Autonomous Hamiltonian setting and geometrization

In this section, we discuss the Legendre transform for autonomous Hamiltonian case in more detail. A similar construction is possible for the non-autonomous case. However, we will return to this point later. The Hamiltonian picture deals with structure on the cotangent bundle T ?Z by means of a non-degenerate Legendre transform: the map described by (7)(i) is a di eomorphism. Then we are able to de ne its inverse J 1 – (7)(ii). Notice that in this section, and in the following ones, we often abuse notation when specifying coordinates (qi; pi) = ( i(t); i(t)). (i) J : T Z ! T?Z@L (x; v) (ii) J 1 : T ?Z ! T Z (x; v) 7! x; (q; p) 7! (x; v) = (q; V(q; p)) @v.
The Legendre transform hypothesis gives us a a characterization of V(q; p) pi(t) = @L (q; V(q; p)) and Vi(q; @L (q; v)) = vi @vi @v (7) (8).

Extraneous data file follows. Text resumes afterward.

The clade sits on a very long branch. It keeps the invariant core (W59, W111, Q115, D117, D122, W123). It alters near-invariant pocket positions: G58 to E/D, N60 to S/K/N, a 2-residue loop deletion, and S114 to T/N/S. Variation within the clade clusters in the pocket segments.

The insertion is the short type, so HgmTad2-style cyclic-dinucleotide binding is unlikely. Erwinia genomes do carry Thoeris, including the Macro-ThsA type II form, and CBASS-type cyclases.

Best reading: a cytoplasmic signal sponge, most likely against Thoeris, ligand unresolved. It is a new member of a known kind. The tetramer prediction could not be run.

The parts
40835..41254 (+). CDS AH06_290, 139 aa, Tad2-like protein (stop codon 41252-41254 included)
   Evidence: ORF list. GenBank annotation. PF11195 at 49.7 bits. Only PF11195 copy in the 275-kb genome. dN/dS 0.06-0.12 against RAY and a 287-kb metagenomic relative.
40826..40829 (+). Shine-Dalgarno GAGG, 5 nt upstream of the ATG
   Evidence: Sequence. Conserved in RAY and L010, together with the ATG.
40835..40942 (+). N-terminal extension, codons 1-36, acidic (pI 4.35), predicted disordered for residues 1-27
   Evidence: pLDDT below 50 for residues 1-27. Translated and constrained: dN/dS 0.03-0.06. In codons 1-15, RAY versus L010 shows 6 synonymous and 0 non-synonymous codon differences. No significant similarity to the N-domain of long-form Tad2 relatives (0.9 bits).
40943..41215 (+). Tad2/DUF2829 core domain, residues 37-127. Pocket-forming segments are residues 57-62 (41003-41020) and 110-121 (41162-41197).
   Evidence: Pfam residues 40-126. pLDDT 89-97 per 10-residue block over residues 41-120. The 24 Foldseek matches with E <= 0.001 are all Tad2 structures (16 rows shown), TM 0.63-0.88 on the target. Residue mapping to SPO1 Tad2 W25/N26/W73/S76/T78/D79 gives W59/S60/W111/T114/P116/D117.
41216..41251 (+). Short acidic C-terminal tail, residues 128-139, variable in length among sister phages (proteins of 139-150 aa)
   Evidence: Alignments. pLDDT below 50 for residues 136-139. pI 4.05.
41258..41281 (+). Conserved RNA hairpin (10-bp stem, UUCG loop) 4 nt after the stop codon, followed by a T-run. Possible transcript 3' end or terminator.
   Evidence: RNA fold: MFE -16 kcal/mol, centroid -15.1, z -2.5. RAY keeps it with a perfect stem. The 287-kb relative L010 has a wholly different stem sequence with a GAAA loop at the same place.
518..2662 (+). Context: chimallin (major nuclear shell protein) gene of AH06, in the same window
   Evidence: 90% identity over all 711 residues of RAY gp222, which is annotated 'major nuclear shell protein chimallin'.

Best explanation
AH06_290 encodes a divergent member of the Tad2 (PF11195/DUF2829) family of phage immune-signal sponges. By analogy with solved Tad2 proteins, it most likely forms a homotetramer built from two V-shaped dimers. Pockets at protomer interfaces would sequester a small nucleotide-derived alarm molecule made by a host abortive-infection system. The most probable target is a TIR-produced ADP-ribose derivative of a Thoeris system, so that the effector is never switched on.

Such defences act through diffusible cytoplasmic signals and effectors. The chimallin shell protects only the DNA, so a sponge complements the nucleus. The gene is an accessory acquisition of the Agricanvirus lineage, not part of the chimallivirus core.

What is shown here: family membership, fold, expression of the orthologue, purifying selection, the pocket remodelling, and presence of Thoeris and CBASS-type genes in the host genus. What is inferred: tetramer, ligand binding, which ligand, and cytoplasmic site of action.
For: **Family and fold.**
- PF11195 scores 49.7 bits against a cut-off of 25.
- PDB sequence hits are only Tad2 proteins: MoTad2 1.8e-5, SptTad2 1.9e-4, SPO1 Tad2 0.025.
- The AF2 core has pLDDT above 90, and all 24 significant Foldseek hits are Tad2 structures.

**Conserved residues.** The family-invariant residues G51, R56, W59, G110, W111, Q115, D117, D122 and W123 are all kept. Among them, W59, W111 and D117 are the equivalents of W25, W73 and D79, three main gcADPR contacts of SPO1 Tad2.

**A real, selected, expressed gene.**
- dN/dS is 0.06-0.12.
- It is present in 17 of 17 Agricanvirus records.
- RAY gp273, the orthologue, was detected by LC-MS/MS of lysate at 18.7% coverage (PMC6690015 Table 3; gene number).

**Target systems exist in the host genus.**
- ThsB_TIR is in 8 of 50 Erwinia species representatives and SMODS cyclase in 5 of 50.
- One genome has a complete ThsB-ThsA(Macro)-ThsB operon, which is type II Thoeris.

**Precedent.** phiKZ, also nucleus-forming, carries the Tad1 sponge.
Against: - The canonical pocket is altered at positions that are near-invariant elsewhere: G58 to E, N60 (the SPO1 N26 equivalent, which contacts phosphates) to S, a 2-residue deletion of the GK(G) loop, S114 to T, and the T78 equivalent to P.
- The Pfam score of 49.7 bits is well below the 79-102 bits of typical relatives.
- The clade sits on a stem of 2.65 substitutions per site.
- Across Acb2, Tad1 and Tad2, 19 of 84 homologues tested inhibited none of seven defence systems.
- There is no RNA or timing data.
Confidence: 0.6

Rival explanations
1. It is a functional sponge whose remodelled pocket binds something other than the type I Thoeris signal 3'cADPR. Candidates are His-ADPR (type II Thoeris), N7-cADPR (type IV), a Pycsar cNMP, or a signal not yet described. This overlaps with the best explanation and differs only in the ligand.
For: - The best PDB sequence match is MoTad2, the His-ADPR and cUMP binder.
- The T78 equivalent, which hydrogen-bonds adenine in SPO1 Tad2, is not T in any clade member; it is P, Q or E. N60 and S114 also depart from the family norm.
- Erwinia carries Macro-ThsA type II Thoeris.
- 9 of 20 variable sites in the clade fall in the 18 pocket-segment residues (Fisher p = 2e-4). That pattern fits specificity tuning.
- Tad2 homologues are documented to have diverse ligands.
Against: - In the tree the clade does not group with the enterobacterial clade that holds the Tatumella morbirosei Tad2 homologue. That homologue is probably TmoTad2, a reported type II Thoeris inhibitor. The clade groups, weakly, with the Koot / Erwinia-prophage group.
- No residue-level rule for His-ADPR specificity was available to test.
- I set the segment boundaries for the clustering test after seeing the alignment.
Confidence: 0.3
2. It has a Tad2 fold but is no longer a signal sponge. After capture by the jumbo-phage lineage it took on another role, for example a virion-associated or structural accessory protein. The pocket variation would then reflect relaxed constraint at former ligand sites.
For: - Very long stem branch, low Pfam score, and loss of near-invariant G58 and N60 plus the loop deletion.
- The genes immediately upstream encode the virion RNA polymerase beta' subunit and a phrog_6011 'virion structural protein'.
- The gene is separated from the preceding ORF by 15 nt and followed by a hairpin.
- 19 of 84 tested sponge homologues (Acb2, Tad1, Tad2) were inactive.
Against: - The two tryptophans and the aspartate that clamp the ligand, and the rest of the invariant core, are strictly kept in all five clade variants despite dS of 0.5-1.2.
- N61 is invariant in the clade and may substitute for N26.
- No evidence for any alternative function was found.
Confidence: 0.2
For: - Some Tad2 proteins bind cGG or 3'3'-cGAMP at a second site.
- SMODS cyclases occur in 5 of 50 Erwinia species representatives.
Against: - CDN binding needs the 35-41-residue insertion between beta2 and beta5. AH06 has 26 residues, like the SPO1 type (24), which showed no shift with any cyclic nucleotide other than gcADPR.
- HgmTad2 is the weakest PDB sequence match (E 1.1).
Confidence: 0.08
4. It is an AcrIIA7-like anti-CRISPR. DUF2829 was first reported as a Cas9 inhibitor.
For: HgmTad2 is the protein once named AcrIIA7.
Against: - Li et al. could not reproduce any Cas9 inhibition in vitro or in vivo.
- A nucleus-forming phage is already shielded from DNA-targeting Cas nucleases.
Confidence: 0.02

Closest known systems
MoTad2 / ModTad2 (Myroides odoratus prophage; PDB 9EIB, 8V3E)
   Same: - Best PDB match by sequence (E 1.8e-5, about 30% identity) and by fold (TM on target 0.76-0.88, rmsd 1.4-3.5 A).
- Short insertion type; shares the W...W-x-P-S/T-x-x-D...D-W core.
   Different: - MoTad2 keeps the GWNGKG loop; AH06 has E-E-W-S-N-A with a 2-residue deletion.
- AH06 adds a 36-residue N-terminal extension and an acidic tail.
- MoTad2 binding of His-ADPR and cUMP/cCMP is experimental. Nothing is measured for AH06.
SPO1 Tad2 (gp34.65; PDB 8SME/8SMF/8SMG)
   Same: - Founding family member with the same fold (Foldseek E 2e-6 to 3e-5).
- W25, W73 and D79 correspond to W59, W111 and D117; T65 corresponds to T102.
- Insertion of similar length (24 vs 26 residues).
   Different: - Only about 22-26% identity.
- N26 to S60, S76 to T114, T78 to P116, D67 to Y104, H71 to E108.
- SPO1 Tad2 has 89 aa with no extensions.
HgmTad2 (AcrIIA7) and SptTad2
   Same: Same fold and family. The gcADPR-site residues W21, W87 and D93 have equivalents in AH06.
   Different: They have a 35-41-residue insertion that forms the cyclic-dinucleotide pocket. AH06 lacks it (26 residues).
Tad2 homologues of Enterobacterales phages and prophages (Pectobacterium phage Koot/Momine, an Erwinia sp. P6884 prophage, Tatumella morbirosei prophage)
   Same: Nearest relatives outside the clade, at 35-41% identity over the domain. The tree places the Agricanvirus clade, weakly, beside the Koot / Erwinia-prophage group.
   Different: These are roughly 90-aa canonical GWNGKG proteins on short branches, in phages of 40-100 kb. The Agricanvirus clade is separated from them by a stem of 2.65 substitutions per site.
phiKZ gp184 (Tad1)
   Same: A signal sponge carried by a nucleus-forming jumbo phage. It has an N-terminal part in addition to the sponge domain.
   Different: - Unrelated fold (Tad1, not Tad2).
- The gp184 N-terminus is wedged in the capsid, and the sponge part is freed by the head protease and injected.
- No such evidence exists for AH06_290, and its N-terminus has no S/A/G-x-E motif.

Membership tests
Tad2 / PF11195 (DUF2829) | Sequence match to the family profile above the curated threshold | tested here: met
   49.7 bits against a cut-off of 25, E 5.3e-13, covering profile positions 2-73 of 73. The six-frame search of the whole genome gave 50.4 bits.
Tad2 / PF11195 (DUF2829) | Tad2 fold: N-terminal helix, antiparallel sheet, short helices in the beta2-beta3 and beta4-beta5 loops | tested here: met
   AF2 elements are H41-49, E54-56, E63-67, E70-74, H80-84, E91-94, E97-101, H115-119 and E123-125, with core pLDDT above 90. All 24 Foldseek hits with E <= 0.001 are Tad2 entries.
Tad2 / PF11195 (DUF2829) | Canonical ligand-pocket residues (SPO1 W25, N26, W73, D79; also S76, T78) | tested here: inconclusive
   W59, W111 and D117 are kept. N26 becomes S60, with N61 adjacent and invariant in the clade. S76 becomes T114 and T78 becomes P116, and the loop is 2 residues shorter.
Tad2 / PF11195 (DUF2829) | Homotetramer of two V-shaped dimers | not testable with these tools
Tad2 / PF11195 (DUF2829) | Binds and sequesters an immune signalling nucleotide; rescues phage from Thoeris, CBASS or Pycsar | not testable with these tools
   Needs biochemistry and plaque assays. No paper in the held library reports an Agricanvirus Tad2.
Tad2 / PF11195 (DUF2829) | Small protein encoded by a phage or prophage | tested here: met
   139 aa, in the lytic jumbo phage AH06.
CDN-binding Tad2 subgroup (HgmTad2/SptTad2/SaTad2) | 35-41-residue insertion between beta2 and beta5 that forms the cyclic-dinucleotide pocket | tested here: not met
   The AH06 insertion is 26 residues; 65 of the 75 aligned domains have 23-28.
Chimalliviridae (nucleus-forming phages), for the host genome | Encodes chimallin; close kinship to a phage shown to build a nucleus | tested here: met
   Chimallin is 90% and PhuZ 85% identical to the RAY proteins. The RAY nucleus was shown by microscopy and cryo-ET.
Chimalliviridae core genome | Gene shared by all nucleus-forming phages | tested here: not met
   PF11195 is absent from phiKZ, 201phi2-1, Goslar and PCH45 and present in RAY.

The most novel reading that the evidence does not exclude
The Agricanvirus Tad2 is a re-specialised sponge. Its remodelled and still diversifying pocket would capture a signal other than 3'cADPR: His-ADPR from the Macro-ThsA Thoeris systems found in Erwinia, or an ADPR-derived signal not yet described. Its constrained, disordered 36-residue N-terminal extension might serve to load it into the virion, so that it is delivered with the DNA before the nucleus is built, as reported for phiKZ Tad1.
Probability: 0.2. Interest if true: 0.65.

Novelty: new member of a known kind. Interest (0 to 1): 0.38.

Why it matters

Hamiltonian dynamics gives the time evolution of coordinates (q; p) on T ?Z, when (q; v) satisfy the Euler-Lagrange equations. From the path perspective, : R ! Z is a solution of the Euler-Lagrange equations if and only if the map z : I ! T ?Z=t 7!z (t) = ( (t); (t)) is a solution of the Hamilton equations. This is possible thanks to the Hamiltonian function, de ned in the autonomous case: : T ?Z ! R. We observe the following de nition: De nition 3.3.1. The Hamiltonian function is de ned H : T ?Z ! R such that10 8(q; p) 2 T ?Z, we have H(q; p) = piVi(q; p) L J 1(q; p).

The Hamiltonian constraint and the presymplectic structure